It’s about time Jillian Bell led her own film. The comedian and actress has added her manic comic energy to Workaholics, as well as created and starred in the short-lived Idiotsitter on Comedy Central, but Brittany Runs a Marathon is the first showcase of the depth of her acting abilities. It turns out that she’s able to pull from a well of emotion in addition to her already-demonstrated comic skills. Unfortunately, Brittany Runs a Marathon doesn’t have much going for it beyond Bell’s performance. It’s pleasant and charming, but not much else.
Bell stars as Brittany, whose life is in a state of upheaval. She spends most of her nights partying, and can barely make it to her job as an usher at a theater. She shares an apartment with an Instagram influencer (Alice Lee) whose videos with her boyfriend are insufferable. When Brittany goes to a doctor to try to score an Adderall prescription, she instead gets a lecture about her weight; however, despite initially entering a depressive spiral, she gets a vote of confidence from her fitness-focused photographer neighbor (Michaela Watkins). After joining her running group, Brittany hatches up a pie-in-the-sky plan to train for the New York City Marathon. Meanwhile, with her living situation becoming untenable, she takes a job as a house sitter in order to squat in a mini-mansion, only to find that the nighttime sitter (Utkarsh Ambudkar) is already staying there.
Bell is often hilarious as Brittany, and the screenplay — written by director Paul Downs Colaizzo — gives her plenty of room to stretch; she’s able to reach dramatic depths in the movie’s darker portions that I didn’t think were possible based on her previous work. Watkins, who is great even in the smallest of roles, is characteristically excellent, and her scenes with Bell seem to free up the younger actor to take chances.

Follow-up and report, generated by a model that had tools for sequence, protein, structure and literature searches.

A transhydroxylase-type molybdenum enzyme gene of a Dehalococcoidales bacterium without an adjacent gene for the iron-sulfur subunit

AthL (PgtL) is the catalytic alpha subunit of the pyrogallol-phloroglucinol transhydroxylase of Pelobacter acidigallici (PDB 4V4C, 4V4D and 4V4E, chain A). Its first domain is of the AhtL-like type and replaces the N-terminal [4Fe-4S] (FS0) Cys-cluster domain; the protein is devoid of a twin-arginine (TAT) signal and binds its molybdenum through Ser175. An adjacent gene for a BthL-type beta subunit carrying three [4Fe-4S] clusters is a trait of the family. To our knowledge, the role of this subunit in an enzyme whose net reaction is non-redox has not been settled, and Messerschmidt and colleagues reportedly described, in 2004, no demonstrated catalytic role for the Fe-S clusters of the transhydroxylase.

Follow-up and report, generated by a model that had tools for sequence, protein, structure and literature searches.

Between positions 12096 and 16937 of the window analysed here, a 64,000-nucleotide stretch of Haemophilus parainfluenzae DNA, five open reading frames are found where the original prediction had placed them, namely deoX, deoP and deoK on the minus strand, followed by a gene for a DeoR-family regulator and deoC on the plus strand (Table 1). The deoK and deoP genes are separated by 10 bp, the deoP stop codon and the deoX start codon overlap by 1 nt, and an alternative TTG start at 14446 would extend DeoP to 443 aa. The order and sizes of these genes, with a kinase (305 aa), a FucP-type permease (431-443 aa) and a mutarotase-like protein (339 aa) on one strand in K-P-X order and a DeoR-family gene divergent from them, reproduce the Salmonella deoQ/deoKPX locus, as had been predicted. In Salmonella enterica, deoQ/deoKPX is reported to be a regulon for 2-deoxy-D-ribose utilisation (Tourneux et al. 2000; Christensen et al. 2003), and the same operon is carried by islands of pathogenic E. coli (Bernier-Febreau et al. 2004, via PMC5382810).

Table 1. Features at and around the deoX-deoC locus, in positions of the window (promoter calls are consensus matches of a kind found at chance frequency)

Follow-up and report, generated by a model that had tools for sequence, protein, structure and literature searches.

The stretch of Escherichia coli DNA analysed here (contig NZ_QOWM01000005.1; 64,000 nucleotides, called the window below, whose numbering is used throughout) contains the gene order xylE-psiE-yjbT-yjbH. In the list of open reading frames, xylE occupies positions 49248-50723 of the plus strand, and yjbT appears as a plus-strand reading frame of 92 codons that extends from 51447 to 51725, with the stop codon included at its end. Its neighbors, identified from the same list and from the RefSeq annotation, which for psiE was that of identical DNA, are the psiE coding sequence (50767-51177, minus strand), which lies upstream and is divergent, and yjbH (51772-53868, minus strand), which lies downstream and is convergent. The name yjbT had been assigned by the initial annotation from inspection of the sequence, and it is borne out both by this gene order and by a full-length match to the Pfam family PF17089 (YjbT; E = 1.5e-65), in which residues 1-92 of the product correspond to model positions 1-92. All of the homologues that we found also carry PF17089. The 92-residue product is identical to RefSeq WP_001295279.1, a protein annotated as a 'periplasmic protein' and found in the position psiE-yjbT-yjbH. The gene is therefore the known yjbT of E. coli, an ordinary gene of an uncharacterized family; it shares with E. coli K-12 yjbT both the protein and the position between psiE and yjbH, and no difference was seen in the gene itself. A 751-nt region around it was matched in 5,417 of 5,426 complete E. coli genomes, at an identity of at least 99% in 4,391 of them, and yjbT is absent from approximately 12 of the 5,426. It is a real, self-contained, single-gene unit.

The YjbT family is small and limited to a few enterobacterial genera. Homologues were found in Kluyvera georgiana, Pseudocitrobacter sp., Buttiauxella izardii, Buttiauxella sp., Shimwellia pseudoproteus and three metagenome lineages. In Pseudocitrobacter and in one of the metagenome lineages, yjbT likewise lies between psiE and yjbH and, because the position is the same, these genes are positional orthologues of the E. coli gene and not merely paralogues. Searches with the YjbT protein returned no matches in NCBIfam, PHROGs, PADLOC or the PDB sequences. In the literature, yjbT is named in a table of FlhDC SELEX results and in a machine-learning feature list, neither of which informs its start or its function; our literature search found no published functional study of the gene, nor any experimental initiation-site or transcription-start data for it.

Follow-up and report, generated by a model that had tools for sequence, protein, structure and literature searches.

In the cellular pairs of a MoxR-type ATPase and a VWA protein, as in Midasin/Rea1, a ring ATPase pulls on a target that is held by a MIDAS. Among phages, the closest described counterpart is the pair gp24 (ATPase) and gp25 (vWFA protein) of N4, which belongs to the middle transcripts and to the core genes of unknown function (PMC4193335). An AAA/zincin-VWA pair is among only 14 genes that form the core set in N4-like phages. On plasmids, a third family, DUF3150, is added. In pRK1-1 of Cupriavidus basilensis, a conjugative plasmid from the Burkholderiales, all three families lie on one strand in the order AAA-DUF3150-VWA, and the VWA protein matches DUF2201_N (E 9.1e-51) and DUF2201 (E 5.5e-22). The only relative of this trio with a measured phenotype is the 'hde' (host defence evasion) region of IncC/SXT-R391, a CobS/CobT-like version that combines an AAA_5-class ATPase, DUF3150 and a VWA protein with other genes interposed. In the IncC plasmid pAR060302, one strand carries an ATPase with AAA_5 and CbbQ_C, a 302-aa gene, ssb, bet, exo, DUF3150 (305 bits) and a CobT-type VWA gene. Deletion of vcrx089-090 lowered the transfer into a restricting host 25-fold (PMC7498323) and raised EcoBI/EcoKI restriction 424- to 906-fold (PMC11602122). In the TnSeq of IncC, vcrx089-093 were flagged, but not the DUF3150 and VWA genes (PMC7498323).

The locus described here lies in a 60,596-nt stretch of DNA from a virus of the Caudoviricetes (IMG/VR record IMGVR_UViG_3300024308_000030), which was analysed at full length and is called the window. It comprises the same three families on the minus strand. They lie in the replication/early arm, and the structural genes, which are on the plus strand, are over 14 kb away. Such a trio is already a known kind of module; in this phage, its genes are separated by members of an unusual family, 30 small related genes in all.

The film falters, however, when it focuses too explicitly on Brittany’s weight loss and body positivity. There are cynical moments when Brittany Runs a Marathon seems to try to appeal to fans of those Dove ads, rather than crafting a fully fleshed-out story. Unfortunately, it’s likely to work. My Sundance screening was filled with viewers who left saying it was the best thing they’d seen at the festival. There’s also a misjudged choice to have Brittany decide to just be friends with one of her earlier love interests. In theory, it’s an interesting idea and a nice reversal of the usual romantic comedy tropes, but as it’s done here, the choice seems more like a way to simplify a film running up against a contractually obligated end time. There are still plenty of joys to Brittany Runs a Marathon, but hopefully the film will unlock bigger and better projects for Bell.